PARKER, S.D. (KELO) — As the weather finally warms up, many farmers are now in the field planting or just about to get started.
The machines are ready, the weather is warming up and farmers are itching to get back in the field for this planting season.
While some farmers across KELOLAND have started planting already, Walt Bones and his family are set to get started this week — it’s been a test of patience after the long winter we’ve endured.
“There’s a saying that if you want to plant twice, you have to start early. Well, we don’t need the practice planting. We just want to plant once and be done, so we have to wait for the soil temperature to get up to where those seeds will germinate, and that’s a minimum of 50 degrees. 60 or 70 is probably even better,” Bones said.
Bones says a neighbor checked the soil temperature Sunday morning and found it was only at 45 degrees, but they’re optimistic it’ll warm up to where it needs to be this week.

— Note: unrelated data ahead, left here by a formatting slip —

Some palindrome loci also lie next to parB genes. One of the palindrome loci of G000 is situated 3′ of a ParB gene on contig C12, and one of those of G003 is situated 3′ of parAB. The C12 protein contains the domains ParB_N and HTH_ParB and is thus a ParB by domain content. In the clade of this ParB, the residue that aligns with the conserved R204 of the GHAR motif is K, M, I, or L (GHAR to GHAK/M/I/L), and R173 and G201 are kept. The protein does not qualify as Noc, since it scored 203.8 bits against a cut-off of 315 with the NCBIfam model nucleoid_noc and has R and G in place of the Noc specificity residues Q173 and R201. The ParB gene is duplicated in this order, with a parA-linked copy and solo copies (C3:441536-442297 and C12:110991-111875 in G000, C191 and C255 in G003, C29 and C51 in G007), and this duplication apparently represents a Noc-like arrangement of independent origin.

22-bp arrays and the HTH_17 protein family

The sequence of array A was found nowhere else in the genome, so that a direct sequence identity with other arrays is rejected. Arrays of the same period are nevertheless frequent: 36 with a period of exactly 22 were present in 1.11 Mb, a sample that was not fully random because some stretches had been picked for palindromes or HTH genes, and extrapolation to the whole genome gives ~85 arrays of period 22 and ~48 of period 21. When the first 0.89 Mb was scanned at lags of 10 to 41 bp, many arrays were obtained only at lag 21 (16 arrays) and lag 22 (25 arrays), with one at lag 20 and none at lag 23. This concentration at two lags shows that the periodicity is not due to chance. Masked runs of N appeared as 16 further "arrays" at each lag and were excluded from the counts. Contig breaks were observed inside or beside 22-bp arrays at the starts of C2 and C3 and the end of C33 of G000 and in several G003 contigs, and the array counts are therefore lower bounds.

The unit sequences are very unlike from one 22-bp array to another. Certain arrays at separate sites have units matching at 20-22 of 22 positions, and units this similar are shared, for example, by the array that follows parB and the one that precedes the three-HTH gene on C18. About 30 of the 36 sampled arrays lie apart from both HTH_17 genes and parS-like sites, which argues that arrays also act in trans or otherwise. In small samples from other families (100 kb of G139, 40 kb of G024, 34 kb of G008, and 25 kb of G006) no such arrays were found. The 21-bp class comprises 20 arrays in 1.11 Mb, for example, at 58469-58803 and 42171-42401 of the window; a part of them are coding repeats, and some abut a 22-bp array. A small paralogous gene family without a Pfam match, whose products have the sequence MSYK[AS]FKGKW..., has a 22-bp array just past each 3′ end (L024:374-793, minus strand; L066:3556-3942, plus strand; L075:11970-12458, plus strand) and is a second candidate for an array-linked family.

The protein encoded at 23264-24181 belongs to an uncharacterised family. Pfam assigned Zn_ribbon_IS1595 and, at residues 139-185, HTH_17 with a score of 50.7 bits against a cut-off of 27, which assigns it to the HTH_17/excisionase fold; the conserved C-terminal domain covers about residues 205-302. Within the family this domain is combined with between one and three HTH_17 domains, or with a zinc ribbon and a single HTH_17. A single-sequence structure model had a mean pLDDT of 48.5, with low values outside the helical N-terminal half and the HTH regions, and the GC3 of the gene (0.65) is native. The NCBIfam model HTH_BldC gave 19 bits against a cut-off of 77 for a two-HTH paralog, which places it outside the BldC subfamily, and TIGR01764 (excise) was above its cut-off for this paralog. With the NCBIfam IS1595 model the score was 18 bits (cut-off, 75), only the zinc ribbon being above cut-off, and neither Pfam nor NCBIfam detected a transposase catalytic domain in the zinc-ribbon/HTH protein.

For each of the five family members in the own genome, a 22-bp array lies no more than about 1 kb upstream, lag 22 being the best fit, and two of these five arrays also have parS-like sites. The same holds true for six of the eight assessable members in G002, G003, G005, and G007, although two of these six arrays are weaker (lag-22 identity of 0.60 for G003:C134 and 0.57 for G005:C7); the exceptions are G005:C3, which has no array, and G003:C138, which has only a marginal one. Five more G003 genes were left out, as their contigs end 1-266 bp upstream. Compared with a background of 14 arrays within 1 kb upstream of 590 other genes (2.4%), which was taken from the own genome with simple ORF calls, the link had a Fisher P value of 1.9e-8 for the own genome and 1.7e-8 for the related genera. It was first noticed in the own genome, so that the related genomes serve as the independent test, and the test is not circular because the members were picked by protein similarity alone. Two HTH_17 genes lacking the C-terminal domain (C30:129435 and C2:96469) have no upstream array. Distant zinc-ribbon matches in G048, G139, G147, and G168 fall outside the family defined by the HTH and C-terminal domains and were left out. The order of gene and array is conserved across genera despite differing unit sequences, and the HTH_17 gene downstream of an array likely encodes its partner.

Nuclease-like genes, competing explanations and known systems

“The corn, as it grows and it sprouts, the growth point stays kind of below the soil for awhile until that corn plant gets up probably 4-6 inches, so if we did get a frost and it freezes the top inch or two, it’s still going to grow. Soybeans are different. The growth point is right up top, so as soon as that soybean plant comes out of the ground, it is very vulnerable to the frost, and again, we’re kind of on the edge, but the forecast looks like we should be able to roll,” Bones said.
As far as moisture in the soil, Bones says the snow helped some, but they’ll need more.
“There’s not excess water sitting around in these low spots, so yeah, we’re going to need some moisture. We’ll have enough I think to get the crop started, but we’re going to need some to sustain the growth throughout the summer,” Bones said.
They plan to get started planting Monday — about 1-2 weeks later than normal.
“If we’ve done a good enough job in our preventive maintenance so that those machines can keep rolling, again, you give us 10 days, there’s not going to be a whole lot left,” Bones said.